A supporting actor or supporting actress is an actor who performs a role in a play or film below that of the leading actor(s), and above that of a bit part. In recognition of important nature of this work, the theater and film industries give separate awards to the best supporting actors and actresses.

These range from minor roles to principal players and are often pivotal or vital to the story as in a best friend, love interest, sidekick (such as Robin in the Batman series), or antagonist (such as the villain). They are sometimes but not necessarily character roles. In earlier times, these could often be ethnic stereotypes. A supporting actor should usually not upstage the main actor or actress, but often do.[citation needed]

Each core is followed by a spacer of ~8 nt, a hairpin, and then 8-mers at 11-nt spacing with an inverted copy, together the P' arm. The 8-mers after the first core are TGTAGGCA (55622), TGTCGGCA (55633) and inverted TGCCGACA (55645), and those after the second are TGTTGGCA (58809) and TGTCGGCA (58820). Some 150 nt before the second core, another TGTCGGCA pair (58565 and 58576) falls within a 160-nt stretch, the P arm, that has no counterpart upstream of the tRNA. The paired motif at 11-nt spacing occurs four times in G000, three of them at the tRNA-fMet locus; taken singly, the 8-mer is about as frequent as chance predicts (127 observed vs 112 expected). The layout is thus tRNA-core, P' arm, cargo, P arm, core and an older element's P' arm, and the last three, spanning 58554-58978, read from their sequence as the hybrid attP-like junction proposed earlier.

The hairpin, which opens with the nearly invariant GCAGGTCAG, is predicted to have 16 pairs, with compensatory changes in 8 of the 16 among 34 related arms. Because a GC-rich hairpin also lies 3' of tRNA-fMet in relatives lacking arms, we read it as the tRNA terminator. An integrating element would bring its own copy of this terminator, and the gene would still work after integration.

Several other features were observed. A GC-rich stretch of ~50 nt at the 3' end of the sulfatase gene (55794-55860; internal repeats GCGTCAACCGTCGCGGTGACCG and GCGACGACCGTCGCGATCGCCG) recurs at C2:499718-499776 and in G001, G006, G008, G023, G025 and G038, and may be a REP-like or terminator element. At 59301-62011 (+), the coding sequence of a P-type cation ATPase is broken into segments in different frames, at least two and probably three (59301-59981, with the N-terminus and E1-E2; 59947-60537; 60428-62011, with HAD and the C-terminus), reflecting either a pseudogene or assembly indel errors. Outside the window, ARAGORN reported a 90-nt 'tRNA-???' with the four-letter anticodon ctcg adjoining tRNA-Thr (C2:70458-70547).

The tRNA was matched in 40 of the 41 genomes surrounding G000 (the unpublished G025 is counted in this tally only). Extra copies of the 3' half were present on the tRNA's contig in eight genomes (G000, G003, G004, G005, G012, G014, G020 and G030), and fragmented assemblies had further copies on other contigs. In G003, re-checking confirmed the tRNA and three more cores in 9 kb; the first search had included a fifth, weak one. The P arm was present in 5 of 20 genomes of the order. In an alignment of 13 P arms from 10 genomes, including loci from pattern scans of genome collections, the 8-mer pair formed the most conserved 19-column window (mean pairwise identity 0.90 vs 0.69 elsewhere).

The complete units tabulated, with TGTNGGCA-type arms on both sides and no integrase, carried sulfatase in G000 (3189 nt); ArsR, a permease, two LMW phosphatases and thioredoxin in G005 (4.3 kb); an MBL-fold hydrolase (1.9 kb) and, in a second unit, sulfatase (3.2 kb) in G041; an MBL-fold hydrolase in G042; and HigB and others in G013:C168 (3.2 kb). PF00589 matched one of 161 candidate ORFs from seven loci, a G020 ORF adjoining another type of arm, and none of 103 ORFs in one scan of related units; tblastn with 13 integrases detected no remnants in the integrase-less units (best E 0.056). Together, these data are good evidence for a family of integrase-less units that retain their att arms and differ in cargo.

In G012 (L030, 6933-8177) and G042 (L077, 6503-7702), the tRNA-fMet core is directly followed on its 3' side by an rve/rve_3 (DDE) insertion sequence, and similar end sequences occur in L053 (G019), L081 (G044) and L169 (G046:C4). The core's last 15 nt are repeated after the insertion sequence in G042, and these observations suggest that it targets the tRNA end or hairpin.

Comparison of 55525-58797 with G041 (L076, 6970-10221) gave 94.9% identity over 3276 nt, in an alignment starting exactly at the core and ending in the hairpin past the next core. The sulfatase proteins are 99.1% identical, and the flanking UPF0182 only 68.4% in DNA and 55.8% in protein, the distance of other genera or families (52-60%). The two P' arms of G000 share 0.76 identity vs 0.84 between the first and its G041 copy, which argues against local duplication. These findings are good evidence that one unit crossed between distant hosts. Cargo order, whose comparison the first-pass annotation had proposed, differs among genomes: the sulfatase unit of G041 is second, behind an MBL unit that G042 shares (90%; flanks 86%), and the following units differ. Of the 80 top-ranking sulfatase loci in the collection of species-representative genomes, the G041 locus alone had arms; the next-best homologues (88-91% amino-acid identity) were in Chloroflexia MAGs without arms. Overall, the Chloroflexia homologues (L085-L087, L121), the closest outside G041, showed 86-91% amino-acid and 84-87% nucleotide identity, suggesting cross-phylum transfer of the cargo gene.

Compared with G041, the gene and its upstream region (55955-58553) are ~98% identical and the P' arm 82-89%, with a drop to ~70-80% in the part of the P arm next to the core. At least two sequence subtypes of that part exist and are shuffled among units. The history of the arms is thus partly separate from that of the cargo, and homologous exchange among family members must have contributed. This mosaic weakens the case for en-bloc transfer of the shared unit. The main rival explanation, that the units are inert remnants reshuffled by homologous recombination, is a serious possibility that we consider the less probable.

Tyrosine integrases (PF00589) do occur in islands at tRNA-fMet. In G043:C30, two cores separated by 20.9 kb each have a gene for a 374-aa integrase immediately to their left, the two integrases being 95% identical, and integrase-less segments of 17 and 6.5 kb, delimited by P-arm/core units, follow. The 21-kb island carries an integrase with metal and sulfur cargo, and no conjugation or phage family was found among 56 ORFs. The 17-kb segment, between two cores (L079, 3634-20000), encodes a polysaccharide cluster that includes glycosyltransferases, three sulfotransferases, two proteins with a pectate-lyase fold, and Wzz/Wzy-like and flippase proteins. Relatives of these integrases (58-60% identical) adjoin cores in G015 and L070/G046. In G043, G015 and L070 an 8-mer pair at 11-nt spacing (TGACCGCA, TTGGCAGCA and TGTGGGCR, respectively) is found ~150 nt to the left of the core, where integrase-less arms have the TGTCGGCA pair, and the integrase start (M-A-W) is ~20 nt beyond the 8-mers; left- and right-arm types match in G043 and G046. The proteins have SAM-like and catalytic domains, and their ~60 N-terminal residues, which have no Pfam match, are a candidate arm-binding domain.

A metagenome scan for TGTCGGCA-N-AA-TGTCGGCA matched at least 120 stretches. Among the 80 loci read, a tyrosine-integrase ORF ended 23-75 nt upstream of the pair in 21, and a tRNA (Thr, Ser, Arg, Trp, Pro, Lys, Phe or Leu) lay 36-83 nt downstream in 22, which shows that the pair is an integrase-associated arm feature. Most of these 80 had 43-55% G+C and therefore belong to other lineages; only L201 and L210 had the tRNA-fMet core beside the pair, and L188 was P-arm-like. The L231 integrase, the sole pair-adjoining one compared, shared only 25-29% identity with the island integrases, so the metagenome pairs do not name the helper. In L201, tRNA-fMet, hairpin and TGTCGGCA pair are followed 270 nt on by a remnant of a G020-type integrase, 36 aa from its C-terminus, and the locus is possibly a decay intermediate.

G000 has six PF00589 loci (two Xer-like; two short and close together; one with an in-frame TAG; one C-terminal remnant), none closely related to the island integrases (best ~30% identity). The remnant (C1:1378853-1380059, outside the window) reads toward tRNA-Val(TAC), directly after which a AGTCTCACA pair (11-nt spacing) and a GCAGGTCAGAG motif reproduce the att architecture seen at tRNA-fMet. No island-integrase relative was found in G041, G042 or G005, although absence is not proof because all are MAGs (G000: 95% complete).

In television, the term day player is used to refer to most performers with supporting speaking roles hired daily without long-term contracts.

In Academy Awards, an annual award is given for the Best Performance by an actor/ actress in a supporting role. There is currently no specific criteria for the difference between nominations for supporting or lead actor/actress roles, so long as the actor's dialog has not been dubbed. Determination of supporting and lead roles are determined by the members of the academy.[1] Critics have pointed out that the leading/supporting roles have "no set rules, no general rational, just vibes" that may stem from racial, social, or gender identity bias.[2]

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  1. ^ "Rules & Eligibility | Oscars.org | Academy of Motion Picture Arts and Sciences". www.oscars.org. 2014-07-28. Retrieved 2023-02-19.
  2. ^ "The Curious Case of Best Actor vs. Best Supporting Actor". Nerdist. Retrieved 2023-02-19.

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